Laurence Fishburne

Film Review: Last Flag Flying

by Chris Piper on November 10, 2017

Time heals all wounds, mostly

Sal (Bryan Cranston), Mueller (Laurence Fishburne), and Doc (Steve Carell) on one last mission

Sal (Bryan Cranston), Mueller (Laurence Fishburne), and Doc (Steve Carell) on one last mission.

Here’s an interesting number, 18, which is the number of feature films directed by Richard Linklater. He’s made a film about rootless Austin hipsters, a film about 70’s high school escapades, a film about 80’s college escapades, a film about opening a school of rock, a film about a ragtag little league baseball team, a film about growing up, even a film about two erstwhile friends, their shared lover, and two hours of very tense conversation.  It’s an impressive number, 18, and would seemingly cover just about every conceivable theme. But whatever the plot, whichever the characters, wherever the setting, Linklater always makes films about time. And his 19th film, Last Flag Flying, is once again a film about time.

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John Wick proves once again that style can be substantive

Baba Yaga is coming!

In 2014, John Wick combined a Taken-esque simplistic revenge tale with the unrelenting action of Korean and Indonesian action films like The Raid and doused it in stylized modernity. Directed by first-timer Chad Stahelski, who was the stunt coordinator and choreographer for dozens of action titles including multiple Keanu Reeves films like The Matrix trilogy, the film was highly regarded for its action sequences and instantly iconic central protagonist — a solemn hitman with an uncanny ability to kill. John Wick: Chapter Two continues mere hours after the first story left off, if not a day, and it maintains the same action sensibilities of the first film, including the knack for avoiding action cliches like checking bullet proof vests in the middle of gun fights and disregarding armed baddies after “offing” them with a single punch or non-fatal shot. The sequel also expands upon the original’s soft intro to an alternate world in which a secret society of assassins exists, with assassin currency and assassin leadership. This element may be exciting to some and a bit boring to others who prefer the franchise’s most prominent strength—lavishly choreographed action sequences. And still, John Wick: Chapter Two is a stellar sequel that packs a slick punch, in which carefully staged gun fights transcend violent skirmishes to become blood-splattered works of escapist art scored by cool electronic thumps.

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Film Review: Passengers

by Chad Liffmann on December 21, 2016

Half male fantasy, half space actioner, all catastrophic.

Pratt and Lawrence fulfill their space fantasies.

Bro, imagine you have your own giant resort space ship and you can do whatever you want, right!? Now imagine you get this hot chick with you and then you both get to do whatever you want. WHATEVER. YOU. WANT! How sweet would that be?! Okay, so this stupid male fantasy is the basic premise for the blundering sci-fi actioner, Passengers. It’s all visuals and little substance, complete with mega plot holes and one silly occurrence after another. Passengers isn’t without its thought-provoking moments however (not to be confused with head-scratching moments), it just decides to pass them by and not look back, wasting the charisma of its two talented leads.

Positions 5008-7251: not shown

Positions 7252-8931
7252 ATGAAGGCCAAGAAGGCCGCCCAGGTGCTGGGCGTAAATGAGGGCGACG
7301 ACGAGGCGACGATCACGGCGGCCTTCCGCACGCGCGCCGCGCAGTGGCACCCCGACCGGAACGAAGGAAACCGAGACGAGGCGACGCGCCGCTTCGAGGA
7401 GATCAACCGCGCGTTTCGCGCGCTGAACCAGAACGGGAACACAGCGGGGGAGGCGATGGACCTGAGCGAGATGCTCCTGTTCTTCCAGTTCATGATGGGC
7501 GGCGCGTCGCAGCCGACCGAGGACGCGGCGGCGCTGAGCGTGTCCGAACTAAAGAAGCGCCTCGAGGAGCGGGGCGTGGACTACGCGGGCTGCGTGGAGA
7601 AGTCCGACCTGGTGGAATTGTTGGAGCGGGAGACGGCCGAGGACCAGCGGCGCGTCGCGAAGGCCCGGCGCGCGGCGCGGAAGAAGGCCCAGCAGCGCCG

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The Matix Live as performed by The San Francisco Symphony

On Saturday night, The Matrix, a 1999 sci-fi cult film absorbed by the generations raised on computers, was screened at Louise M. Davies Symphony Hall in downtown San Francisco. The man responsible for the movie’s original score, Don Davis, conducted The San Francisco Symphony in a riveting two-hour-long performance that brilliantly complemented the pivotal moments of the movie displayed directly above their station.

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Amy Adams and Henry Cavill in Man of Steel

Amy Adams and Henry Cavill in Man of Steel

Superman turns 75 this year, and appears no worse for the wear in Man of Steel, director Zack Snyder’s serviceable, if somewhat dispassionate, reboot. Writers Christopher Nolan and David S. Goyer, who both penned recent Batman films, bring a similar dark, edgy, sensibility to the Kryptonian hero’s story, with mixed results. [read the whole post]

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Film Review: “Contagion”

by Jason LeRoy on September 9, 2011

Jude Law plays a San Francisco blogger in CONTAGION

starring: Matt Damon, Jude Law, Marion Cotillard, Kate Winslet, Laurence Fishburne, Gwyneth Paltrow, Jennifer Ehle, Demetri Martin, John Hawkes, Elliott Gould, Enrico Colantoni, Sanaa Lathan, Bryan Cranston, Anna Jacoby-Heron

written by: Scott Z. Burns

directed by: Steven Soderbergh

MPAA: Rated PG-13 for disturbing content and some language

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